Two weeks ago I spent a day in Plymouth on my own – just strolling round the city and keeping a look out for a hat to wear to Tom and Jenn’s wedding. I have only been to Plymouth alone on one other occasion – the day exactly thirty-five years ago when I went to buy my wedding dress.
The memory of that day came back very clearly as I walked into the same department store and asked where the wedding hats were to be found. Back in 1981 this store had a large collection of bridal wear, and I was feeling very excited as I stepped into the sumptuous room with its racks of billowing white gowns.
A sales assistant came over to me immediately, running her eyes over my jeans, t-shirt and flip flops. I explained that I was getting married in a few weeks and had come to find my dress. She didn’t smile, just raised the corner of her lip and shook her head. “We don’t allow just anyone who comes in off the street to try on our gowns.”
I repeated that I was getting married and needed a dress, but she pointed behind me to the door, and gestured for me to leave. “Girls are usually accompanied by their mothers,” she said. And clearly they were. I glanced at the other bride-to-be in the room, who was currently receiving a huge amount of obsequious attention from the other sales assistants. Not only was her mother with her, but also her aunt and a posse of small cousins, all inspecting bridesmaids’ dresses with great enthusiasm.
As I left the wretched shop my first feeling was fury – how dare this arrogant woman refuse to treat me as a customer just because I was wearing jeans? And motherless? But within seconds my rage was completely overcome by a deluge of grief for my absent mother. I have always missed her, usually with a steady, daily sadness, but on certain occasions the pain has been deep and raw. That day was one of the worst.
I flip-flopped down the street and into Dingles, which has now disappeared, and jumped on the escalator to the wedding department. When this sales assistant came over to meet me I told her that I had been thrown out of the Other Store, that I genuinely needed a wedding dress, and that my mother was not with me because she was dead. And then I burst into tears.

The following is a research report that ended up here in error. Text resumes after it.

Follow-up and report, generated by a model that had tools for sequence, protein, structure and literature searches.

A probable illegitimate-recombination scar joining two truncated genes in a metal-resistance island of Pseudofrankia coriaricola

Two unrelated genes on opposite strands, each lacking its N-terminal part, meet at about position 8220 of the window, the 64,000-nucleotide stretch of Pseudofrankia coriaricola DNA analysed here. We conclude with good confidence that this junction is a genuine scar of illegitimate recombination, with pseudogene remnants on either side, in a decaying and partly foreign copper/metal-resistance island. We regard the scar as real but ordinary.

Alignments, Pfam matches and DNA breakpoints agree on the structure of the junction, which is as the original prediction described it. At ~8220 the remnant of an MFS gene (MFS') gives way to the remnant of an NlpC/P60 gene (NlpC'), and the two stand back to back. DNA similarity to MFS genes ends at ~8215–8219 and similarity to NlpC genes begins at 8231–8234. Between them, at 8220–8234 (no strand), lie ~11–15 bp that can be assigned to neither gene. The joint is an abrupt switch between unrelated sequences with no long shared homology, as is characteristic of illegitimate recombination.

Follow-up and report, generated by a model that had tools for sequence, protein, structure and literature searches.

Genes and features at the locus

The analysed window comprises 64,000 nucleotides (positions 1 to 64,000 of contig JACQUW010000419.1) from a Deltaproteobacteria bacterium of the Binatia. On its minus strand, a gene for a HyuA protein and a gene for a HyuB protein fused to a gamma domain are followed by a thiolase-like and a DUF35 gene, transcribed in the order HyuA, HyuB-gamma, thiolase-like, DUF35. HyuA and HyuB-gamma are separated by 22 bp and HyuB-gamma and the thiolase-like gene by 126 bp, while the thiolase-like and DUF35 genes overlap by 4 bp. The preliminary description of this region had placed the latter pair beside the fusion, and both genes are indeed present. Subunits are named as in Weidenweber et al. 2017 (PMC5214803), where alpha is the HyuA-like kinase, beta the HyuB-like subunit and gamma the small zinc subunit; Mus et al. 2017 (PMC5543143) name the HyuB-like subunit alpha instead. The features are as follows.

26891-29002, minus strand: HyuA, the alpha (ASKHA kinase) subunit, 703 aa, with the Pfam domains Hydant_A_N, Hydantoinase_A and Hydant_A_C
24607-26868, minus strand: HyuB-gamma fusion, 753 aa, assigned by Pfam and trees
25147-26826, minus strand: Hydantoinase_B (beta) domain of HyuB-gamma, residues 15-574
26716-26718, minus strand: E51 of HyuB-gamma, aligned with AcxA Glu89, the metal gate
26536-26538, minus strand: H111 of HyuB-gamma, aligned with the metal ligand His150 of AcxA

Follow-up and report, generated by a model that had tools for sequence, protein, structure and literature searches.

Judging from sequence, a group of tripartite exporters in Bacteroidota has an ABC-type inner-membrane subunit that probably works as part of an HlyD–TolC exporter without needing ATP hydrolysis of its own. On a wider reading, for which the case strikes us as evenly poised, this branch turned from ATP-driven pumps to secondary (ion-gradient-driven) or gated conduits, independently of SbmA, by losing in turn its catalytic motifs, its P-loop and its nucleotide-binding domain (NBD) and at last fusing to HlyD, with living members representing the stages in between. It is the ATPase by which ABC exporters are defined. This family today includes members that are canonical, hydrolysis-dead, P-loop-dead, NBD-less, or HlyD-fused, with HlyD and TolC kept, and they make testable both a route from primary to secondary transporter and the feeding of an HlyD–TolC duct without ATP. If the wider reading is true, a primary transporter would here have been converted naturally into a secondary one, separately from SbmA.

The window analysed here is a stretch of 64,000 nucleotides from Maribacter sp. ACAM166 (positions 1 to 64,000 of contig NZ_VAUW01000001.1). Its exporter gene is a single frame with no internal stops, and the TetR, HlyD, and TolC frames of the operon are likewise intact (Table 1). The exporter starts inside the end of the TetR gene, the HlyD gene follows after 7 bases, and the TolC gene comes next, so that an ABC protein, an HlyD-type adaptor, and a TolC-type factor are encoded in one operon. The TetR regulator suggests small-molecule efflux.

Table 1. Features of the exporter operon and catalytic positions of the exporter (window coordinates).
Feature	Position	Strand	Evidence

Well – the fuss! Two ladies were instantly clucking round me, exuding kindness. They mopped up my tears (so I wouldn’t drip on the gowns) and spent a long time helping me to find the perfect wedding dress.
All this was at the front of my mind when I walked back into the wedding department at the Other Store. Perhaps it is the same room – I couldn’t be sure – but the racks of beautiful gowns are long gone, as are the sales assistants, There were a few mother-of-the-bride outfits on mannequins, a display of frightening supportive underwear, some fussy fascinators and three or four hats. One of these seemed to be vaguely the same colour as my jacket, and I wrestled it from the awkward hat stand and tried it on. It looked like an unwieldy dinner plate stuck to the side of my head, and was held in place by a band that was so tight I felt as if I was undergoing some uncomfortable medical procedure.
I did not miss my mother on this occasion, but my beautiful daughter-in-law to be, who had made choosing the rest of my outfit such a magical experience. I knew she would NOT like the dinner plate, so I wrestled it back onto the hat stand. There was a very pretty white hat, but Jenn had advised not white and besides, it had a forbidding notice on it that began HYGIENE… I left it alone and made for the door.
At that moment a sales assistant hurried in, looked at my jeans, t-shirt and trainers, then cast her eye around the room to make sure I hadn’t stolen anything. Some things haven’t changed then. Perhaps I should go shopping in a suit and high heels from now on…